/* Sorry in advance for any grammatical mistakes in the above, I need sleep. */

  • @Tael, I wish the logic of the French language was apparent to me. You're from England, so you know what I'm talking about ;-) I guess I am just going to have to try harder learning the grammar.
    – Preets
    Sep 29, 2010 at 22:13

I don't know whether programmers are good at learning foreign languages, but I know that programming and computers in general helped me a lot learning the foreign language I am most proficient in – English.

Yes, I was taught some English in high school, but I was studying German much earlier and I would have problems formulating a simple sentence in that language now. That's because I ever used German only in school. I think the most important thing about learning a foreign language is to actually use it, not just visit a class once a week. Once you know the basics, start reading news sites, watch TV series (watching TV in a foreign language is much easier with subtitles, even if they are in that language), chat with people, etc.


I am absolutely horrible at foreign languages.

I am currently trying to learn Chinese (mandarin). I'm starting my 4th year of classes, once a week. And I still can't understand a lick of Chinese spoken by a native. It's driving me crazy.

I had 4 years of French in high school. I wouldn't have been able to recall the entire sentence "Je parle un peu de Française", but I know what it means now that I see it. I have no idea what that other answer says :)

I think it's because languages are mostly memorization. Basic grammar is simple, but to learn vocabulary is just memorize, memorize, memorize. Programmers (and Scientists and Engineers, etc.) tend to understand things by modeling behavior in their mind, rather than memorizing facts. I think most other people, and schooling teach people to be "smart" by memorizing facts, and thus end up better at the language thing.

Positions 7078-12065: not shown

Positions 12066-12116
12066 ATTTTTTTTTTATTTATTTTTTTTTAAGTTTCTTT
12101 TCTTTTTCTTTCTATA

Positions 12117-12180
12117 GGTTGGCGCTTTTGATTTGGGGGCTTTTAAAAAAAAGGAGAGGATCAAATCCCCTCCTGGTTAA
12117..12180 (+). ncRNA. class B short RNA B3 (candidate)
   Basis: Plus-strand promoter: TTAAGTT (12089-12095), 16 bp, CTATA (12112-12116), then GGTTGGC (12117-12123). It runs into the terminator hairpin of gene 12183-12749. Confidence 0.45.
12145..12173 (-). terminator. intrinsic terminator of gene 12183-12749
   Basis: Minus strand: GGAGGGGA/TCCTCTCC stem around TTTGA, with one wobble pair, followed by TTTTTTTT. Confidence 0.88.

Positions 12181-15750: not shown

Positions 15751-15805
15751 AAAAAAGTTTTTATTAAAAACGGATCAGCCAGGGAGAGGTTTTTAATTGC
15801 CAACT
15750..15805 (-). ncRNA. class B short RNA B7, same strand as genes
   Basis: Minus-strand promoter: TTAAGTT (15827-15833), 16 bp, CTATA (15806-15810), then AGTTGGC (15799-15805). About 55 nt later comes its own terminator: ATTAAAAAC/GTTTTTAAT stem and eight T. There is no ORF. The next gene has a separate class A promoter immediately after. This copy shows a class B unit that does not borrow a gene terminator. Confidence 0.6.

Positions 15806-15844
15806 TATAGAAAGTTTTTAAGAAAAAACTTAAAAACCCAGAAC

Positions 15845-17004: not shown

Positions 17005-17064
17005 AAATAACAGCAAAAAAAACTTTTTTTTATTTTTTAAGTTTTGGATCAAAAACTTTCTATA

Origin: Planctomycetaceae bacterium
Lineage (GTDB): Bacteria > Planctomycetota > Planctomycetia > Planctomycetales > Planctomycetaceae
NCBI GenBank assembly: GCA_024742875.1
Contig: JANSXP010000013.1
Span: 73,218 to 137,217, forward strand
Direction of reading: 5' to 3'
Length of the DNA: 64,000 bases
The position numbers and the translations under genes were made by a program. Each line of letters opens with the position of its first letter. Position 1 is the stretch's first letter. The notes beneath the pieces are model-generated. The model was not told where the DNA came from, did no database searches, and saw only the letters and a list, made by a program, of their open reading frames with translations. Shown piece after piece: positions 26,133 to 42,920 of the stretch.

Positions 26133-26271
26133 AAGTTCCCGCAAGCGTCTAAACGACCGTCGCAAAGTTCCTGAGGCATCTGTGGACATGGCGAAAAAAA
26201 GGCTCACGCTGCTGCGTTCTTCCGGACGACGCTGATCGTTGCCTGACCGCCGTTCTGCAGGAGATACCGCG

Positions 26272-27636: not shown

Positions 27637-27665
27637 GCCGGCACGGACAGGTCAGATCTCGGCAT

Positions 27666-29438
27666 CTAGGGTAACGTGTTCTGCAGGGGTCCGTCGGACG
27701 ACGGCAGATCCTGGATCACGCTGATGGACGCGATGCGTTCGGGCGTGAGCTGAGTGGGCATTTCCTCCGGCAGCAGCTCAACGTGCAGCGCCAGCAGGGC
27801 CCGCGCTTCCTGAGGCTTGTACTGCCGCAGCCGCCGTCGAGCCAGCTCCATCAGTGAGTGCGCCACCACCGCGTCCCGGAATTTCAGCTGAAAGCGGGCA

• @Jay, Thanks for your input, I'm glad I have company !
    – Preets
    Sep 29, 2010 at 21:09
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    @Jay, Just wanted to add, if it helps - A friend of mine simply mugged up a lot of sentences and practiced and practiced with anyone he met. Now in the beginning he looked silly because he didn't know what a verb was couldn't care less if it was regular / past / present. He just blurted stuff out. Two years down the line he speaks fluent French. If only I could learn that way :-/
    – Preets
    Sep 29, 2010 at 21:32
  • You probably have difficulty learning foreign languages because you think learning vocabulary is about memorisation.
    – Jon Purdy
    Sep 29, 2010 at 21:38
  • @Jon, It isn't? When I'm given a group of sentences, like - how are you / my name is / can you help me / etc .. it seems like one has to mug it up (before you reach the lessons where you learn all the verbs associated with it) Ain't that true? I could memorize nouns, but memorizing sentences and reciting them makes me very uncomfortable. I just don't feel "confident". I sound like a cry baby !
    – Preets
    Sep 29, 2010 at 21:53
  • @Preets: If you try to memorise information without really understanding how it's put together, you will surely fail, or at least not truly learn it. It's more about pattern recognition: observing the nuances of how a word is used imbues it with its own unique meaning, and forces your brain to treat it as its own entity, not defined in terms of your native tongue.
    – Jon Purdy
    Sep 29, 2010 at 22:03

They can be if they use their skills to develop personal language learning tools (though this is an augmentation and not a substitute for continual practice with native speakers and text).

I've written many programs for personal and shared use in this field. The most successful quantitative data that I have is that users (me included) of a Spanish vocabulary flashcard web app I cobbled together learn on average 7+ new words every day during the first 3 months of use (calculated months later to include long-term retention). It's one of the ugliest, hackiest things I ever wrote, but easily the most rewarding (for the conversation and literature I am now able to enjoy).

Particularly, having constant statistics can be a great motivation for regular study and practice (as I'm sure users of these websites will know!) and helps build confidence. It's also great to be able to mine the user data to help better target your other study and practice.

(Also, general language learning tip: spend the majority of your time on verbs and everything else will fall into place.)